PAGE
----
Rush Limbaugh - Body Snatcher ~ March 4, 2017
"What people believe prevails over the truth."
~ Sophocles, Fragments of Known Plays
ollywood has made, at least, three Invasion of the Body Snatchers movies: the original black and white with the histrionic Kevin McCarthy, the macabre 1978 remake by Philip Kaufman, and the latest version, The Invasion, with Nicole Kidman and Daniel Craig. In each film, distressed people appear early on, complaining that a family member is no longer his or her real self. “My husband is not my husband,” says Veronica Cartwright’s character Wendy, in The Invasion. He was transformed. Same body, different person.
The same cry from the heart can be heard throughout Jen Senko’s documentary, "The Brainwashing of My Dad." She lost her father, she says, to Fox News and Rush Limbaugh. The once jovial, goofy guy had become a narrow-minded and angry bigot, and she wanted to understand why. When she was looking for start-up money to make this movie, she ended up running into large numbers of people who had similar stories to tell, and she put many of them in the film. “She’s a completely different person,” one woman says of her family member. “Who are you and what have you done with my stepfather?” asks a man. “And he was completely changed, he was bitter and angry,” another woman says. In one stunning shot, Senko shows many of these grieving people simultaneously, a hundred small faces in pain, and we hear them in overlapping audio.
Instead of alien spores raining gently from the sky, Mr. Senko was zapped by AM radio waves from above.
These family members were lost, not to an alien spore, but to a carefully constructed program of media manipulation, with Fox News and AM radio in the forefront. Senko’s film recounts the rise of Roger Ailes, a former Nixon advisor, who turned Fox News into a juggernaut for the GOP. She shows us the 1970 memo associated with Ailes, entitled A Plan for Putting the GOP on TV News. “People are lazy,” the memo informs us. They’ll let TV do the thinking for them. Americans were getting more and more of their news from television, and it was Ailes’s dream, realized at Fox, to turn TV news into Right-wing propaganda machine.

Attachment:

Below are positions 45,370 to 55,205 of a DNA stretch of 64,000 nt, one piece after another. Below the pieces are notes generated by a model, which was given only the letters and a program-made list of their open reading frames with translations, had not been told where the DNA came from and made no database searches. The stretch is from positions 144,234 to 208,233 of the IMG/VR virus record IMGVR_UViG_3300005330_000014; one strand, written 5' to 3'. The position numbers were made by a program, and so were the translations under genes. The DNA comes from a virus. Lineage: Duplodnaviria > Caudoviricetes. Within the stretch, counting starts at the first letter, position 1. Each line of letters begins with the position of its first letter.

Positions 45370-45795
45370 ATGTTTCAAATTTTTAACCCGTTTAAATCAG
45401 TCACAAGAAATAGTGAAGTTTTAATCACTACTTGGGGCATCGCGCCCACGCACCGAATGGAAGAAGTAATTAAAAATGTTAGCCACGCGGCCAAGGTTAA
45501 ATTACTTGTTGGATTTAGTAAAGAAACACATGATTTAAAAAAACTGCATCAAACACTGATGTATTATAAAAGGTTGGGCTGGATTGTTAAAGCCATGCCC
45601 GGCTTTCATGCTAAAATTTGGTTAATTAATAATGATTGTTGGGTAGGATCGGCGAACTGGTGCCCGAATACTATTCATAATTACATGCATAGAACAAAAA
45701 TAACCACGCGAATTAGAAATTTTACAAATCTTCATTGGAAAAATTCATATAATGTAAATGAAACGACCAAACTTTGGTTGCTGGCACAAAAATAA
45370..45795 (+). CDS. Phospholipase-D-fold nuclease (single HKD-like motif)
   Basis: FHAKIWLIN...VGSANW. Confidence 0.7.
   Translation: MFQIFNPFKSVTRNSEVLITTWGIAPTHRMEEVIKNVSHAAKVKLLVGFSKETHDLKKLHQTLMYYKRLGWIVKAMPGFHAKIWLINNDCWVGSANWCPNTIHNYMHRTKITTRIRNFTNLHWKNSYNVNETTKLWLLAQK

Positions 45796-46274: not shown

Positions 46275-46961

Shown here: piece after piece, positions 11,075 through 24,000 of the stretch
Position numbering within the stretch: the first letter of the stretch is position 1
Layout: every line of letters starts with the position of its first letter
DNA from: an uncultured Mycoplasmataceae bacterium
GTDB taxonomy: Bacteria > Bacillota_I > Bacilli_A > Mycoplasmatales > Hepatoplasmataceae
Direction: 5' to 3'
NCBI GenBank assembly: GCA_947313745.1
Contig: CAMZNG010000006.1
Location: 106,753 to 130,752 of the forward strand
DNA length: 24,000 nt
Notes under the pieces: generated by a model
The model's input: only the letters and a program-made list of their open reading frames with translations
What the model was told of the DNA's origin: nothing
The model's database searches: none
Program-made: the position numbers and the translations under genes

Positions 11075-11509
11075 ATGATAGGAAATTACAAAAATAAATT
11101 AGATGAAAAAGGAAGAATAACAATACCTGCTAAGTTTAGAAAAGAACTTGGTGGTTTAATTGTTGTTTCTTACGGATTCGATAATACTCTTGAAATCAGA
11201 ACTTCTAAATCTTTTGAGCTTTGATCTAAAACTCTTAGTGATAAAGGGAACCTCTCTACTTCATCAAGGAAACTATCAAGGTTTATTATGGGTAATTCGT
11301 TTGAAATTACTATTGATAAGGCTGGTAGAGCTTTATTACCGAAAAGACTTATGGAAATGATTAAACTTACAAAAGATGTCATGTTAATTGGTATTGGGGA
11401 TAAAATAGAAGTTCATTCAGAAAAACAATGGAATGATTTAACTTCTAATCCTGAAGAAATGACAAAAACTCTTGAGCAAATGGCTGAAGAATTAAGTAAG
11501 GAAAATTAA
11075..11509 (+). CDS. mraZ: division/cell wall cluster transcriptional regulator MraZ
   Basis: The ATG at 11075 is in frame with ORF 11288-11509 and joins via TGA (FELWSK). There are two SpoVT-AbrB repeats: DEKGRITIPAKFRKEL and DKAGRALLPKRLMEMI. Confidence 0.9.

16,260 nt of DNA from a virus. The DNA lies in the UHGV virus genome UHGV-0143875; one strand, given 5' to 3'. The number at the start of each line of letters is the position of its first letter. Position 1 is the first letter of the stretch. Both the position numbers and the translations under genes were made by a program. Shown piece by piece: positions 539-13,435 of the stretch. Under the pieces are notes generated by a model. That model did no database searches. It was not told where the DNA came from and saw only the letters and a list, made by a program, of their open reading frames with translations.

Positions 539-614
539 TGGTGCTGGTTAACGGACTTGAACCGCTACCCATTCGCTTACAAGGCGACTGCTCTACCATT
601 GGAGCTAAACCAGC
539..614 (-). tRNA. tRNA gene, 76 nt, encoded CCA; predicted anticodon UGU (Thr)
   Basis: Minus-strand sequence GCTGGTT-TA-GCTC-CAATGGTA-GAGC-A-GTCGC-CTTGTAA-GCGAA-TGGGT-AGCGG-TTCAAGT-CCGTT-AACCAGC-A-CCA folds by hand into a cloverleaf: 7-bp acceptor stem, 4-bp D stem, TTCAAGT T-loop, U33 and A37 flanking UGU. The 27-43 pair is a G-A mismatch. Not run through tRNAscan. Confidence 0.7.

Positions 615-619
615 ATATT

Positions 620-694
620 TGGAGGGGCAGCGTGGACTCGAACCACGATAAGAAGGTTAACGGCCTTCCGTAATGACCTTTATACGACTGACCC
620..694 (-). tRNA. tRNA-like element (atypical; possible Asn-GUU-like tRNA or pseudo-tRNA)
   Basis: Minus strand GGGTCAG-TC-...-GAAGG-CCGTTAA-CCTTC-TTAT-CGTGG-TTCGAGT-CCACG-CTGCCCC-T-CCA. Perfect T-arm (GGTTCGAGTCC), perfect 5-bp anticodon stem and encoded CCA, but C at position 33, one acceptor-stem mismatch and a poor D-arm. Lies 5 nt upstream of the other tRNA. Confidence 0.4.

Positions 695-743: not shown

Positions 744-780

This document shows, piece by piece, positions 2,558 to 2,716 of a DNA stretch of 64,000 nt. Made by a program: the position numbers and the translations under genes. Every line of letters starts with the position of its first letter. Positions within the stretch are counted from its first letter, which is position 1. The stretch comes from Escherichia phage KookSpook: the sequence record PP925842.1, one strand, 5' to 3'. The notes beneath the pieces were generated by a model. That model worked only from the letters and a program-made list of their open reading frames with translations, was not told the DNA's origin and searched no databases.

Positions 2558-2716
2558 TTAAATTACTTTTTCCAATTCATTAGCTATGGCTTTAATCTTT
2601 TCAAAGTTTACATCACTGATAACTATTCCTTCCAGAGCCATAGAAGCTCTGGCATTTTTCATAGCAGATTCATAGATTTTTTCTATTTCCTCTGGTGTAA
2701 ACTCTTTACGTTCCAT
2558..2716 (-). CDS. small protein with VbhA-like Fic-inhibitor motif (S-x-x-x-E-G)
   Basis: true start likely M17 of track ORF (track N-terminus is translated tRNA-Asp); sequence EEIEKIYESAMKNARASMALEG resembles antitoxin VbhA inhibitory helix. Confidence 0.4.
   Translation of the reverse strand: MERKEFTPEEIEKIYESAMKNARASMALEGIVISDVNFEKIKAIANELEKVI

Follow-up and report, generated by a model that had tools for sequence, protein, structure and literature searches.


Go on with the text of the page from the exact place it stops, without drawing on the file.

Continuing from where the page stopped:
Senko also shares with us her dad’s obsession with AM talk-man Rush Limbaugh, begun while he made a long solo commute. Instead of alien spores raining gently from the sky, Mr. Senko was zapped by AM radio waves from above. Jen blames Limbaugh’s 3-hour daily radio blasts, in particular, for turning him into a stoked, thoughtless, and uncaring person.
In the Body Snatcher movies, the aliens, though kind of graceless and clammy, are far less interested in violence-for-its-own-sake than their human hosts. They are cold, murdering, efficient colonists, who then establish peaceful relations with their own kind. The joke in all three films is that Alien-earth might be nicer for the humans—or what is left of them after their transformation.
Senko brings on experts, like neuroscientist Kathleen Taylor, who talks to us about the similarities between cult-programming and its Right-wing equivalent.
What happened with Jen’s father? The ending was a mixed bag. His commute ended and his home radio broke, so that was the end of Rush. Jen and her mother reprogrammed him (away from Fox) by reprogramming the TV remote, and by replacing some of his more virulent Right-wing emails with emails from sources like Truthout. Without the steady thrum of bombast, Mr. Senko began to return to his old self. He ended up, he said, somewhere between a Republican and a Democrat. He said he liked Obama. Mother and daughter were thrilled to have gotten rid of the bitter, weird Rush-Ditto Head guy. There is a pretty exact analogy, by the way, in the ending of The Invasion, where the nice Daniel Craig is restored to himself sitting at the breakfast table at the movie’s end. He doesn’t even remember his crazy-self. I don’t think Mr. Senko does, either, which might be just as well.
Here’s the problem. If people are this easy to manipulate, how happy can you be with a story like this? Of course, one sympathizes with the Senkos, and it was nice to see them find some peace. But, good lord, what malleable clay this is! Jen uses the metaphor of cult-programming—her father was programmed by AM radio and Fox News. In support, Senko brings on experts, like neuroscientist Kathleen Taylor, who talks to us about the similarities between cult-programming and its Right-wing equivalent. One obvious similarity, ably shown by Senko throughout the film, is that both types of brainwashing happen in isolation. Like the victims of alien transformation in the Body Snatcher movies, her father was alone when he turned.
Any hope here? Yes, thankfully. At one point a guy named Steve from Tennessee comes on. He was a huge Right-wing radio fan, listening on his midday commute. One day he happened upon NPR, and he began listening to All Things Considered after catching Sean Hannity’s show. “I started basically comparing the quality of what was being presented…I guess I could start seeing the Right-wing radio as what it is—sheer propaganda.” That a guy, without any help, could work this out for himself is the most heartening thing in the movie.